In this context, the provenance standard series will complement quality-related domain-specific standards that prescribe what information shall to be documented by prescription of how the information should be recorded in a machine-actionable way. The published standard is only the first of the published standards and provides general requirements on provenance information management. The way of recording domain-specific information in provenance is subject to the other standard in the series.
During the last decade, we have witnessed reproducibility issues in life sciences. There is strong evidence that the issues are caused by poor documentation of the samples and data generation techniques applied to the samples to generate data.
To enable reproducibility and effective quality assessment of related research objects, the traceability of all required information must be ensured in the first place. However, having provenance information models and required tools/services is not enough to address the issues, but proper provenance information management is required to support long-term sustainability of generated provenance and helps to preserve important properties of provenance, such as trustworthiness and reliability.
The published ISO 23494-1 standard will help address the reproducibility issues by setting up general provenance information management requirements. As a result, the standard will enable certification of organisations that manage provenance according to the current best practices, which on the one hand, may improve their competitive advantage on the market and, on the other hand, will enable regulators to require the certification, for instance for organisations to be funded by public sources.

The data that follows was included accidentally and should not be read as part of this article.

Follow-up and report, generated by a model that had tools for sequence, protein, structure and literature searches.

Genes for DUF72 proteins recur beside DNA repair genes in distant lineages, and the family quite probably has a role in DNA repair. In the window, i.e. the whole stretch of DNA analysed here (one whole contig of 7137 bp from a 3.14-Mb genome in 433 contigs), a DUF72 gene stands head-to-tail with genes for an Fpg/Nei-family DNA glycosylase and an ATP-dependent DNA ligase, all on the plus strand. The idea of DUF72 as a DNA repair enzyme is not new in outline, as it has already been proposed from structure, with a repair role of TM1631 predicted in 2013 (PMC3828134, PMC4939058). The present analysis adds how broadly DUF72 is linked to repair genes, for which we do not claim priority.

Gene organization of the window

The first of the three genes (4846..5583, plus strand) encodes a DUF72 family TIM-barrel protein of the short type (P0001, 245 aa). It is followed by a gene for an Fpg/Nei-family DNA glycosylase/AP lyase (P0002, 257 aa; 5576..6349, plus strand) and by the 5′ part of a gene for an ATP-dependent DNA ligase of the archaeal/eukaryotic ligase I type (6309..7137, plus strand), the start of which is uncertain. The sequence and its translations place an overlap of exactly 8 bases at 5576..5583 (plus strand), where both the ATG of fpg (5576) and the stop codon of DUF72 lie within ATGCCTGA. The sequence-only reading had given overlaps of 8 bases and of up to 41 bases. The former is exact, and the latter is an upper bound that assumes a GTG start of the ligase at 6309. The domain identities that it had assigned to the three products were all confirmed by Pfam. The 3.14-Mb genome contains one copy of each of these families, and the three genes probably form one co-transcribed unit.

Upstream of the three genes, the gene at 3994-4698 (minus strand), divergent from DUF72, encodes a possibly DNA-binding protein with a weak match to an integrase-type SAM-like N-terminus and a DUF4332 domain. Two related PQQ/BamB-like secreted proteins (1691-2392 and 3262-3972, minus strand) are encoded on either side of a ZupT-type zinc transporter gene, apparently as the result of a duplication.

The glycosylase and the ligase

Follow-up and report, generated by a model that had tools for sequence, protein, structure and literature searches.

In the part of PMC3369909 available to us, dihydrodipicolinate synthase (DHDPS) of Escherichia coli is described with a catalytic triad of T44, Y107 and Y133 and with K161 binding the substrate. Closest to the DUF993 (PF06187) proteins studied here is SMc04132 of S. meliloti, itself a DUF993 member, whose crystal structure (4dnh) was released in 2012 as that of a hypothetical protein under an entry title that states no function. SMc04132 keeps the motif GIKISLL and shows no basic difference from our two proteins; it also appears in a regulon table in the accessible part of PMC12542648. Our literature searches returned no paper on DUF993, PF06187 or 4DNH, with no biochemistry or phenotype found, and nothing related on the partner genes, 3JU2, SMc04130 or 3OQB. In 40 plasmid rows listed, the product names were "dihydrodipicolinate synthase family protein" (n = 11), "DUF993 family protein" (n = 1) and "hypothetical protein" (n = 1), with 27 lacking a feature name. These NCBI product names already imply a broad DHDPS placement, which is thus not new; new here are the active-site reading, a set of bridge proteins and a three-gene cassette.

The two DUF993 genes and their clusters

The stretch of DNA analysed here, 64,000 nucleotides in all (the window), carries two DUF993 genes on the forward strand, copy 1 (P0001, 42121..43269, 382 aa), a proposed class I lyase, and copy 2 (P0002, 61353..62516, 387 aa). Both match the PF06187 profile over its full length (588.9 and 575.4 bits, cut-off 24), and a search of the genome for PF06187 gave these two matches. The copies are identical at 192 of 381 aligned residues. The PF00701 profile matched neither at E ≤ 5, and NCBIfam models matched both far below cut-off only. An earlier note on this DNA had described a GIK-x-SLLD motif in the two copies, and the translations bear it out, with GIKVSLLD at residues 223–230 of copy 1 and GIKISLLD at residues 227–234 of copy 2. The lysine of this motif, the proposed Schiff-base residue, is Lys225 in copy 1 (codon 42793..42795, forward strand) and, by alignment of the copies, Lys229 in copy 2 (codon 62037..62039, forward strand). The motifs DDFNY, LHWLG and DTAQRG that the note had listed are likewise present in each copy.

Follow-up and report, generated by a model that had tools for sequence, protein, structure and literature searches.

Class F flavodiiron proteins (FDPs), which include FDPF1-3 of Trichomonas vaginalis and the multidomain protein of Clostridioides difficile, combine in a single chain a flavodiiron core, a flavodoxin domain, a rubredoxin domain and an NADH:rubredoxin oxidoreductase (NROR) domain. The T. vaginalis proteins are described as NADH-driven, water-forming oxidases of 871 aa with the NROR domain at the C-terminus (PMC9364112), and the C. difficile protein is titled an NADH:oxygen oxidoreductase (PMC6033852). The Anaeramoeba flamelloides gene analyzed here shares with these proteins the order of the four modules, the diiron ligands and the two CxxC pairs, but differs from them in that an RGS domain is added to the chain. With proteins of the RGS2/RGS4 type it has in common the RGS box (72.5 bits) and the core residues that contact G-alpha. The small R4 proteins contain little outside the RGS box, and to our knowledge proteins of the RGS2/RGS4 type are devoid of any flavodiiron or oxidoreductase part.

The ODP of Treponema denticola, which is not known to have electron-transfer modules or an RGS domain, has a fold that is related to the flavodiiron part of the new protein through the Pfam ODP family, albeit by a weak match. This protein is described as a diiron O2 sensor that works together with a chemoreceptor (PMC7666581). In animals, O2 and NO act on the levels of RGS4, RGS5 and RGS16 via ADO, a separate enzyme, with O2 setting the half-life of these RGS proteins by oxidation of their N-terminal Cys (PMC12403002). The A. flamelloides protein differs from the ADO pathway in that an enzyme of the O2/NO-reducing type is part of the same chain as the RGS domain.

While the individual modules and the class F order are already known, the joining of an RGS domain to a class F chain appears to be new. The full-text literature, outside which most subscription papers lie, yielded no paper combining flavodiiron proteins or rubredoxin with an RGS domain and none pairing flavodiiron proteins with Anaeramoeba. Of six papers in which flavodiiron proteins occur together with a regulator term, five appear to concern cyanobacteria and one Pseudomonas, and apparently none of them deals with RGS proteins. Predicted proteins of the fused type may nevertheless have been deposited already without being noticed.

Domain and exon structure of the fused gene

The provenance information can be then used for programmatic discovery and querying of the fit-for-purpose research objects – samples, data, or models: ideally, the requirements on the research objects can be specified as constraints on the provenance information. Depending if parts of the provenance are exposed also to the discovery services, they can be used either in the discovery, or queried as a part of the access negotiation process.
Petr Holub, Jörg Geiger, and later Gianluigi Zanetti, initiated the development of the standard. Petr and Jörg lead the project for the whole 23494 standard series, while the development of the published ISO 23494-1 standard was led by Petr Holub, Jörg Geiger, and Rudolf Wittner.
The core development team of the standard includes experts from multiple European organisations, namely the University and the University Hospital of Würzburg; the Medical University of Graz; CRS4 – Center for Advanced Studies, Research and Development in Sardinia; and the Masaryk University.
The ISO standardisation process is also based on collaboration with industry experts who contribute to the standard development through their participation in the ISO Technical Committees.
The standard has been developed under the auspices of Technical Committee 276 ‘Biotechnology’. Collaboration with academic and research communities was established mainly through EOSC Life, as the Common Provenance Model, an open conceptual foundation for the standard series received development support through this EC funded project.